“We could stop touring altogether to have the smallest impact,” says Johnson, whose everyday voice is, by the way, not much different from his singing voice. “But the greater impact could be to find ways to make the industry more responsible.”
That he has done. His tours are, hands down, the greenest of the green. He says it all stems from being on tour with fellow green-hearted musicians Pearl Jam and Willie Nelson early in his music career.
Likewise, his concerts serve as part think-tank and part fundraising-machine. Fans get connected with local eco-minded programs in the Village Green area. And his social action network, All at Once, keeps those like-minded people in touch, encouraging global change.
And to top it all off: From 2008 to 2013, 100 percent of his touring revenue went to non-profit groups around the world.
“What’s inspiring to me about Jack is that he lets his appreciation of the environment guide everything he does,” says Jessica Scheeter, the wife of Jack’s keyboardist and the executive director of the Johnson Ohana Charitable Foundation.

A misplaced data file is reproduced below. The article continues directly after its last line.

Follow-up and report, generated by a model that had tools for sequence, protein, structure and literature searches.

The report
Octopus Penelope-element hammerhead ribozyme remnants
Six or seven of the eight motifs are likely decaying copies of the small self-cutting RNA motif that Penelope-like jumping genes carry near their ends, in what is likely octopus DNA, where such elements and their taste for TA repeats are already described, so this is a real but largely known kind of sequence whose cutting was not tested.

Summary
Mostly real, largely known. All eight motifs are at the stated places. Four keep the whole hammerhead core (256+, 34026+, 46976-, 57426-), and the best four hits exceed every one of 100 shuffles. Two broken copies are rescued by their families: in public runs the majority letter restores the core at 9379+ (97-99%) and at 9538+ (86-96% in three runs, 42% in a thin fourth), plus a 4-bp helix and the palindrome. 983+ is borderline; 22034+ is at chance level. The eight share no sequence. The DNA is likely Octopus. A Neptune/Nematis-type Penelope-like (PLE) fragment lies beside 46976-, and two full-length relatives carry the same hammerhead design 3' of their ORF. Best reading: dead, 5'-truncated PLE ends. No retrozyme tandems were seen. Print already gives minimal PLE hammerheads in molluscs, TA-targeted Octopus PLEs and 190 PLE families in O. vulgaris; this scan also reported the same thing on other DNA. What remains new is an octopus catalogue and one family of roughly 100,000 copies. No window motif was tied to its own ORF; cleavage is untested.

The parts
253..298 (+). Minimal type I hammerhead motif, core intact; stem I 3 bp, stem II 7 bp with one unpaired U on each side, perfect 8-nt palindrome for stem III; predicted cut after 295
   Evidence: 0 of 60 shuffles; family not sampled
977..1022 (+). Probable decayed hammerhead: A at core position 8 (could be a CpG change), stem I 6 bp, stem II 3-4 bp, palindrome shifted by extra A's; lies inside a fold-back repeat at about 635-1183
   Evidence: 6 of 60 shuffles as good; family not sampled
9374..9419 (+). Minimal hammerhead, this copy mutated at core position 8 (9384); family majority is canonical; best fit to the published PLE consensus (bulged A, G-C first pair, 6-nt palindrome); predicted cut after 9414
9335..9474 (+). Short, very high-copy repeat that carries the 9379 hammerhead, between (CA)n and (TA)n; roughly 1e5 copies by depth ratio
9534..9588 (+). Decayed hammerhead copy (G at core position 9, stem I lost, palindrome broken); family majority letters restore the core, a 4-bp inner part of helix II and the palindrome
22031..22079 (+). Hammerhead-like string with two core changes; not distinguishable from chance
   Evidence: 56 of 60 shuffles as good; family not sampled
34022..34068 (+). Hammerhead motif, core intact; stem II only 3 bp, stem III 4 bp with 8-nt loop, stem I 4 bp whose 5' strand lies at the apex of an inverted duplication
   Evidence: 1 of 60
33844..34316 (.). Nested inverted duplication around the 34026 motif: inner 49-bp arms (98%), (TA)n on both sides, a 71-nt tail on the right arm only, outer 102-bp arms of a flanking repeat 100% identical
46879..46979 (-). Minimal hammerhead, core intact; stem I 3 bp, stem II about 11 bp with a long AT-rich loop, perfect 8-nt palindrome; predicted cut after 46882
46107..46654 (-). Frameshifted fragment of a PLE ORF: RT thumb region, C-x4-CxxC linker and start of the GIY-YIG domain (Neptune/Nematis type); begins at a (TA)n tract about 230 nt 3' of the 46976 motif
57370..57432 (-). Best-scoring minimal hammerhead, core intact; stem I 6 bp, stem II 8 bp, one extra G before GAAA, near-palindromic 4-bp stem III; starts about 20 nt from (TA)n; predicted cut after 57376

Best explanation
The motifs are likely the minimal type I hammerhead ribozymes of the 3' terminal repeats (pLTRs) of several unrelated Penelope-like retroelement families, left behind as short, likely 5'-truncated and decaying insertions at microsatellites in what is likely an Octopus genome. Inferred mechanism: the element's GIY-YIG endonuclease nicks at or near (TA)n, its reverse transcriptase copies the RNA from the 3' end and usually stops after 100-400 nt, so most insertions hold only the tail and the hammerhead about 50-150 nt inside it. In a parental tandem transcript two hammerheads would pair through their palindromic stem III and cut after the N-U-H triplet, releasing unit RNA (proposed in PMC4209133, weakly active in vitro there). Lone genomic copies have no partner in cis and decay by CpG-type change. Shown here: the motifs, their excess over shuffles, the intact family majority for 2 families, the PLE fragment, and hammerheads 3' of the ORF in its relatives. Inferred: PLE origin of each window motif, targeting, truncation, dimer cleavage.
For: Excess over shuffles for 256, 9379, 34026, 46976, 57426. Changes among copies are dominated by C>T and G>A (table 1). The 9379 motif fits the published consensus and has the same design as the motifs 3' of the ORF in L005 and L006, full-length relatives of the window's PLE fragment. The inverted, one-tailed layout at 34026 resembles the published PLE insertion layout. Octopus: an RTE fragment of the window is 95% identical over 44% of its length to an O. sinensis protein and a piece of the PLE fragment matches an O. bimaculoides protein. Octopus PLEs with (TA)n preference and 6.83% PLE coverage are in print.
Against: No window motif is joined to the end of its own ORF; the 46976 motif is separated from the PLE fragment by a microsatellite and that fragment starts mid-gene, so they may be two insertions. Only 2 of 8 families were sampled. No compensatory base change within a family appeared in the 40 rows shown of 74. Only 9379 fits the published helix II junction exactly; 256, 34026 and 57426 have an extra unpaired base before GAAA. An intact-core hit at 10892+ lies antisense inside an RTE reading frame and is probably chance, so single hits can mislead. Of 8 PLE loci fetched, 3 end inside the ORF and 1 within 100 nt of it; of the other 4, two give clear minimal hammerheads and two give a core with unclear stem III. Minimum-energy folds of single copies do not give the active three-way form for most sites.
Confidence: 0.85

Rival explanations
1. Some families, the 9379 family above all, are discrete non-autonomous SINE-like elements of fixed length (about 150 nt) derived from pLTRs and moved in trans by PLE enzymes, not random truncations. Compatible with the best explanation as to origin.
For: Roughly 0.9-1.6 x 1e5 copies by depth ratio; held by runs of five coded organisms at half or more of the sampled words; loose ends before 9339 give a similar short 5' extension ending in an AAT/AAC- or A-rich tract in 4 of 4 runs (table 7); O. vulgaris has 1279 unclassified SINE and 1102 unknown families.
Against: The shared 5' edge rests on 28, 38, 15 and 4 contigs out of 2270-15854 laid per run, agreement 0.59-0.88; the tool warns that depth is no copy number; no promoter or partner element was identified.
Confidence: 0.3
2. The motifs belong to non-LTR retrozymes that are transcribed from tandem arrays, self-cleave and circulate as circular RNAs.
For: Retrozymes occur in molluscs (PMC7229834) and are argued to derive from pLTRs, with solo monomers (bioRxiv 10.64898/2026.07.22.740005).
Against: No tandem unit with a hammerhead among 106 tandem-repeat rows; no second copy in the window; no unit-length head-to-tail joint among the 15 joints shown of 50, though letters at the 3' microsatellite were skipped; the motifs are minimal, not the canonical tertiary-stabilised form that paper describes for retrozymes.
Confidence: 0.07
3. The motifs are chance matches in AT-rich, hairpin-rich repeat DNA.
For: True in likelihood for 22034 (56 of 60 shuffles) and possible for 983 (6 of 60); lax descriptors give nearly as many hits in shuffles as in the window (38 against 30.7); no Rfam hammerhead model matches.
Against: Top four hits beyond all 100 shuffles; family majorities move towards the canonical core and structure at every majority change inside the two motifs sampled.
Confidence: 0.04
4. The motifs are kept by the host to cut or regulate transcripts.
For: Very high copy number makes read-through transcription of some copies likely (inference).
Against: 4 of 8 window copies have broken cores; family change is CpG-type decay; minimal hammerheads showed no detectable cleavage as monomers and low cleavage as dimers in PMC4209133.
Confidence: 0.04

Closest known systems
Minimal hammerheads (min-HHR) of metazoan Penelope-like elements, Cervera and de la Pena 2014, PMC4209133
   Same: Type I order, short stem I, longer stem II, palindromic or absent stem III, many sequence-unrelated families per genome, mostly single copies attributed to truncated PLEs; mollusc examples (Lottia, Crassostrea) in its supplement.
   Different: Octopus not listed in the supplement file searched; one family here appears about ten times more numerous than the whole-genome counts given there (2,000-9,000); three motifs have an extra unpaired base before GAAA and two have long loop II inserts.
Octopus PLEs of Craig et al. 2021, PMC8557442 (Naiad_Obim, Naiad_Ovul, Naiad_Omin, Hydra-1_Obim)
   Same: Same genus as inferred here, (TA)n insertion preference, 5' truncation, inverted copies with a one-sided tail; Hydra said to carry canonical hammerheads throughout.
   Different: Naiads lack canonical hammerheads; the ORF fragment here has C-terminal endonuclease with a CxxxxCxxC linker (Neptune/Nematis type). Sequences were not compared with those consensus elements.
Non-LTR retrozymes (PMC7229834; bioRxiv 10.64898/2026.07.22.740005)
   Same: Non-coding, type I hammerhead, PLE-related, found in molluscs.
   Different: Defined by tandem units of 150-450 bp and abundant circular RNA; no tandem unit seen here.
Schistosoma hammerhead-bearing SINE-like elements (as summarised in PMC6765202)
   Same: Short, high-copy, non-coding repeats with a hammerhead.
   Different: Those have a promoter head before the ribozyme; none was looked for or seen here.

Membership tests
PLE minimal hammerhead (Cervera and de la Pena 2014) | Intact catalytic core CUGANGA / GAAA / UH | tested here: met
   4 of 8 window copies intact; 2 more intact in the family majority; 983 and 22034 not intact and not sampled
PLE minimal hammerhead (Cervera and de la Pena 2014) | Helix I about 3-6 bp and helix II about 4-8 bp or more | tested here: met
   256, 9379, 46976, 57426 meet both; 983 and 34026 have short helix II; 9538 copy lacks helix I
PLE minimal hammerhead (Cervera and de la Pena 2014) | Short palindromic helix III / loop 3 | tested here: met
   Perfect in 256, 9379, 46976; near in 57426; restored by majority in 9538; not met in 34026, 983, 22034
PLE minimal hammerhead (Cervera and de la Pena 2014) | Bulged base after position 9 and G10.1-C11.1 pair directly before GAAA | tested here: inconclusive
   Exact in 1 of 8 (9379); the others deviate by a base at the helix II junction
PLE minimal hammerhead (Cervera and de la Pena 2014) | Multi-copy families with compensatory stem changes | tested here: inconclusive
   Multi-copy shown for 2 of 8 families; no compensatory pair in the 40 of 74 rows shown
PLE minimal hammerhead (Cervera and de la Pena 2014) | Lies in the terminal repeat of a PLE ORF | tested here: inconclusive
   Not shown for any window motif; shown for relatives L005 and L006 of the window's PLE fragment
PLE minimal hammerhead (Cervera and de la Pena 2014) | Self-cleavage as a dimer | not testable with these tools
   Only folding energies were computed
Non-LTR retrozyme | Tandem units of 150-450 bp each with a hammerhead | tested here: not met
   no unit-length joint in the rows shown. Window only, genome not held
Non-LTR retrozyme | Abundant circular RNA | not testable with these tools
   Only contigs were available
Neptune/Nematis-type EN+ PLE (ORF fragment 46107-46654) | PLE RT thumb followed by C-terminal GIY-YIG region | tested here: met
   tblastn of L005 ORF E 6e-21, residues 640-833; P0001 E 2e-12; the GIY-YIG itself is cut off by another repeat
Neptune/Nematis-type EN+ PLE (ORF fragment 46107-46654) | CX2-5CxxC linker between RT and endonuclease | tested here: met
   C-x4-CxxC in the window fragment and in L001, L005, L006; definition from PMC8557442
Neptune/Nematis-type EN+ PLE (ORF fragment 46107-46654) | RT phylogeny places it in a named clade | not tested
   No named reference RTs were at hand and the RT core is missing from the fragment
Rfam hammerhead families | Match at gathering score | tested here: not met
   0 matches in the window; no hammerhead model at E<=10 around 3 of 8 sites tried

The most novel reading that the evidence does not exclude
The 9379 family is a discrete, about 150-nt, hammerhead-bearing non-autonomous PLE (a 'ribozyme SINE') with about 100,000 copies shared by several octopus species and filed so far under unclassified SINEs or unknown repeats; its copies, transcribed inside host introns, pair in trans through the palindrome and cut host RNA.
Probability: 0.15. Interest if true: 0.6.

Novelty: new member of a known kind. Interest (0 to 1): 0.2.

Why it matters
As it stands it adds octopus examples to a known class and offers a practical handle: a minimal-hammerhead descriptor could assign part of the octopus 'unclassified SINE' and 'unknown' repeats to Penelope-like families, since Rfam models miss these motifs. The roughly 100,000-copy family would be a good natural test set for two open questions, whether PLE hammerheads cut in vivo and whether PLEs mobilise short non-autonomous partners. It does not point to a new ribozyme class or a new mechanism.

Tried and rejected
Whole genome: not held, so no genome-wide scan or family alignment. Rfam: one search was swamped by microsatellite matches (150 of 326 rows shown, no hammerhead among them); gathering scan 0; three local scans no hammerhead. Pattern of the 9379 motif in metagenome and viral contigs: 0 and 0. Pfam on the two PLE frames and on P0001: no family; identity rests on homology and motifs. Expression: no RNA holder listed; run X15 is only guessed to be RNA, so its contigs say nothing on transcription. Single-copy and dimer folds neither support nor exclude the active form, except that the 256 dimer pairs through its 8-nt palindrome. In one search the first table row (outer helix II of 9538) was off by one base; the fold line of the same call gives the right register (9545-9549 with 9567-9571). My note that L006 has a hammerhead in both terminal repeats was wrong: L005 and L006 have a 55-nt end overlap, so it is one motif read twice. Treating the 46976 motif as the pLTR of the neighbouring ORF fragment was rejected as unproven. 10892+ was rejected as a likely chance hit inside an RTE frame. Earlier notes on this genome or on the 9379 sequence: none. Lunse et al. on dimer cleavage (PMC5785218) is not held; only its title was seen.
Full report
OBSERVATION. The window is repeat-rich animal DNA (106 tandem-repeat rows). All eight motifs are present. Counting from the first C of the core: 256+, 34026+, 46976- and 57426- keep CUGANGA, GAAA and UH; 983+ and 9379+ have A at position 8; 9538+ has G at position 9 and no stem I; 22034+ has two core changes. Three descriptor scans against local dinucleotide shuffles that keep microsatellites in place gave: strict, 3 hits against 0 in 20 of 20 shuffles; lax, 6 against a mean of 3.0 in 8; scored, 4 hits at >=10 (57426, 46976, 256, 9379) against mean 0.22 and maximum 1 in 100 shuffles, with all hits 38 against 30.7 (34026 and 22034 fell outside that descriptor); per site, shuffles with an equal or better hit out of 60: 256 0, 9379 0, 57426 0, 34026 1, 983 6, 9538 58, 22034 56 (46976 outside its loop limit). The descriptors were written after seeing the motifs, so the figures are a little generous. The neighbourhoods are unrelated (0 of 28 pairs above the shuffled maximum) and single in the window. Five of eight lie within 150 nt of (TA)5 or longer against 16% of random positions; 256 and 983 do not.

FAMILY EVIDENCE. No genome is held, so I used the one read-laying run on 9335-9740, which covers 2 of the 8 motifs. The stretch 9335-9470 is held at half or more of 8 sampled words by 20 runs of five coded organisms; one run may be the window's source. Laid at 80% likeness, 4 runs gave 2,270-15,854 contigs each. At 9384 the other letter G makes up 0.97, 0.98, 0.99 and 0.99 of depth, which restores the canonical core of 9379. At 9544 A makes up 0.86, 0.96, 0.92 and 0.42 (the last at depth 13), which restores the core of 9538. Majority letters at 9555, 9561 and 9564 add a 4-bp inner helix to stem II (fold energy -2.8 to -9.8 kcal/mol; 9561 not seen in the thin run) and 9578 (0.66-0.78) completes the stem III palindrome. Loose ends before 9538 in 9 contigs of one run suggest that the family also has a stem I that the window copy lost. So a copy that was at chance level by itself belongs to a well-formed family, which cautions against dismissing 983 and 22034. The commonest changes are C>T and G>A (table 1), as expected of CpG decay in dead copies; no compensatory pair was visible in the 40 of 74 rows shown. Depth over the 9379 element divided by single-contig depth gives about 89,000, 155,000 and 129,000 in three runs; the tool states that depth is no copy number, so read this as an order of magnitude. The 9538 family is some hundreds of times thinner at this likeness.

That includes sourcing most of the food on tour from a certain radius. “We will have somebody go shop at the farmers market to make sure we support local farms in the area,” Johnson says.
“With Jack, tour greening is not just an after-thought,” says Scheeter, “It’s the foundation of the entire process.”
From the drivers who fill up the tour buses with bio-diesel fuel to the vendors selling 100-percent post-consumer products, they all believe wholeheartedly in the mission. Likewise, it’s reflected back at The Brushfire studios in L.A., powered by rooftop solar panels, insulated with cotton from blue-jeans scraps and decorated with rugs from recycled plastic bottles.
The ripple effect
After being on the road for months at a time, there’s nothing Johnson loves more than 1) tending to his organic garden full of peppers, spinach and herbs (not your typical rock-star past time), 2) surfing (Pipeline is practically in his backyard) and 3) passing along new ideas.